Seeing these two pages side-by-side is the best argument I’ve ever seen for why print comics should never die.

It’s Accessible to New Readers, yet Rewarding to Long-time Fans

Let’s face it; comics aren’t an easy hobby to pick up. With decades of stories, thousands of characters, dozens of publishers, and more coming every single Wednesday, being on the outside and looking in can be an overwhelming experience. Even the most excited prospective fan can be easily discouraged by the mountains of information and stories that await them. Comic publishers understand this, but are left between a rock and a hard place when it comes to how to address the issue. If you start from scratch, you’ll catch hell from the established fans. If you include too many references only old fans will pick up, new fans will feel left out and won’t come back.

The comic industry has struggled with this for decades, but The Valiant is the first title to solve the problem, and as it turns out, the solution was an obvious one. That solution? Tell a story so riveting and significant that it rewards old fans while instilling a need in new fans to know more. If you ask me “what’s Valiant all about” and I direct you to a mountain of Wikipedia articles, you’ll say “nevermind” and not ask again. But if you ask me the same question and I hand you a compelling story you can read in one sitting, you’re certain to find something you want to go research on Wikipedia, and suddenly what appeared to be a chore is your new favorite thing. The Valiant is that story. I’m just as excited to talk about it with Valiant fans as I am to show it to someone who’s never read a comic in their life, and that’s the ultimate definition of an accessible title.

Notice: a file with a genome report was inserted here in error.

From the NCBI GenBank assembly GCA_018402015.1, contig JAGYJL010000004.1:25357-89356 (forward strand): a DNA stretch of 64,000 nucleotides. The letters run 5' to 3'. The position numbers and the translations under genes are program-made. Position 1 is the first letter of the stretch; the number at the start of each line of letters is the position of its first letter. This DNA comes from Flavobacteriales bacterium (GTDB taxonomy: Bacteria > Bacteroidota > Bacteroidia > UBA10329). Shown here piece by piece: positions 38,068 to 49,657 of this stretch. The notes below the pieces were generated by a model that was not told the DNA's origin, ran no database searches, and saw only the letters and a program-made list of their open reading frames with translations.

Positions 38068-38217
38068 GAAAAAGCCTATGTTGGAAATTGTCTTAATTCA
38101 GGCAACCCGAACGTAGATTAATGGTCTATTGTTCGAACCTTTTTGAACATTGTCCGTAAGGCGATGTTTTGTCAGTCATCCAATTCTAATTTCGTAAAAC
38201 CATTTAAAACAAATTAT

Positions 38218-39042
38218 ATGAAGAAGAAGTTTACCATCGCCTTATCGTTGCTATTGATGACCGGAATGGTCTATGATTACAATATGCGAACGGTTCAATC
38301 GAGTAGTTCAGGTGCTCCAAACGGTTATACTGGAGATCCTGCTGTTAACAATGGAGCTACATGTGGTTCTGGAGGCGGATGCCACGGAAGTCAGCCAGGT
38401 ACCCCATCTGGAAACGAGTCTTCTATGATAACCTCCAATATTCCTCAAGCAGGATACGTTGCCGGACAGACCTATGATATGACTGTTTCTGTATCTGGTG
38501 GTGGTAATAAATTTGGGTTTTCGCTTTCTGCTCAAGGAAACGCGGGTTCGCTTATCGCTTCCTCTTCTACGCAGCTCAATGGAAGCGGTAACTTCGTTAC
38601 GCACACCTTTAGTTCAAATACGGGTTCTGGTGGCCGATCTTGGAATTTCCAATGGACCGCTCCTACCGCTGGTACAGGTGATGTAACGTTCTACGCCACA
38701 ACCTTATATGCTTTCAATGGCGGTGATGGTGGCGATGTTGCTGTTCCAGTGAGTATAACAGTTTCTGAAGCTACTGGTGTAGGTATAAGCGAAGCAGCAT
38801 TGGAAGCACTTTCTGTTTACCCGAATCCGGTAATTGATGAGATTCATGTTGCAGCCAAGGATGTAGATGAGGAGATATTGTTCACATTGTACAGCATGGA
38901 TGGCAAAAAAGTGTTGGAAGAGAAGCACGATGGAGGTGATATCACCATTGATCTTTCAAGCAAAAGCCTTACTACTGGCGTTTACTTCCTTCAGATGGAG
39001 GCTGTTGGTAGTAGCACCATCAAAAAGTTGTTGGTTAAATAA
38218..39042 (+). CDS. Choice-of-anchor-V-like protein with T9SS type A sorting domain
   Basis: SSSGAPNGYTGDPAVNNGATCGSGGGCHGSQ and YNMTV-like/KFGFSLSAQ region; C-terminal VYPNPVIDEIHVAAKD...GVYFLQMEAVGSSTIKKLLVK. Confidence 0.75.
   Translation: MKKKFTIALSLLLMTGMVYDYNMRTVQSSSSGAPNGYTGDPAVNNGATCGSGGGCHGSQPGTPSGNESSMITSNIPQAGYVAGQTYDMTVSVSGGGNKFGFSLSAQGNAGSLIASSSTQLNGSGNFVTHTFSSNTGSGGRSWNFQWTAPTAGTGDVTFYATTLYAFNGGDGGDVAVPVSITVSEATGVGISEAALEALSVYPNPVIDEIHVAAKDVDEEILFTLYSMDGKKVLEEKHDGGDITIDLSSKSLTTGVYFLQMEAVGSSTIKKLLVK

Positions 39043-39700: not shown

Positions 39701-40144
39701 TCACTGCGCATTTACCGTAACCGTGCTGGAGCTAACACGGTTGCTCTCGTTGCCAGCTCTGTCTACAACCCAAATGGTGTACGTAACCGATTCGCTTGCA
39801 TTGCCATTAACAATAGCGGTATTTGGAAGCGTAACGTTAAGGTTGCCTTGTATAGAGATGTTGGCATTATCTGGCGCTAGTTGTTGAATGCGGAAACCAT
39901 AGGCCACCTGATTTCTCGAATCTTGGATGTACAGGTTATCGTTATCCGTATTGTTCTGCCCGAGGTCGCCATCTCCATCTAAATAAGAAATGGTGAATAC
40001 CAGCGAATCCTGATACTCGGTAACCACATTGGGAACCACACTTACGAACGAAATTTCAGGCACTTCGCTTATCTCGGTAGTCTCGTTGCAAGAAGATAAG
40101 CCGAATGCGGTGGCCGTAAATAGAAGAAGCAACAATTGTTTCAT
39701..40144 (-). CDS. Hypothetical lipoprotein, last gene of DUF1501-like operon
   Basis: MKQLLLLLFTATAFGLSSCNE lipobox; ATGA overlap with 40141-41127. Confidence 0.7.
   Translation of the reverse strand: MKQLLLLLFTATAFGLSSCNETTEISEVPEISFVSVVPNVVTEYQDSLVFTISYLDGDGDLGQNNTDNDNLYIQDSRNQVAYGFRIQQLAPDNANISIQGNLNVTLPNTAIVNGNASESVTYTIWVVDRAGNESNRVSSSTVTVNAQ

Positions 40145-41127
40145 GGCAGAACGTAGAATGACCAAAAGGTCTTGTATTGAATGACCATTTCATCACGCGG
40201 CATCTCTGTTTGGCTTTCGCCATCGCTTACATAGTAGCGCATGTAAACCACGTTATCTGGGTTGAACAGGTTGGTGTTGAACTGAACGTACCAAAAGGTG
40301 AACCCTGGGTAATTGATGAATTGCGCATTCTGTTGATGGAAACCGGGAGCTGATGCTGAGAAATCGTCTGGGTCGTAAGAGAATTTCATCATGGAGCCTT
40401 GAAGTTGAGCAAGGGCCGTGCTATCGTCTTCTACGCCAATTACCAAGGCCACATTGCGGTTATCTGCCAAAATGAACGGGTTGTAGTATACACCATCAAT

It’s a Serious Title that Didn’t Forget to be Funny

There’s a ton of humor to be found in comics of all kinds. Some are designed to make you laugh from cover to cover, some feature a side story or two designed to lighten the mood, or a side character who manages to be the constant punchline. I’ve even seen Batman crack a joke from time to time. However, when the “important” books come along, humor almost always goes out the window. I’ve always said you can tell when Marvel wants you to know a book “matters” because Spider-Man is in it and he’s not telling jokes, and the fact that I can use that as a barometer for importance is exactly the problem.

I shouldn’t know your story is important because everyone in it got serious; I should know because the story itself won’t let me think otherwise. The Valiant does exactly that, and I know it does it well because, well… it’s pretty damn funny! Sure, the whole thing is essentially the worst doom and gloom the Valiant Universe has ever seen, but mixed throughout the story are moments that genuinely make you laugh. Comic publishers take note: that didn’t diminish from my experience. In fact, it enhanced it. Those moments of humor are actually moments of humanity. We all like to think that, if faced with the ultimate threat, we could maintain our sense of humor. The Valiant taught me that I don’t just expect that of myself; I also expect that of my comics.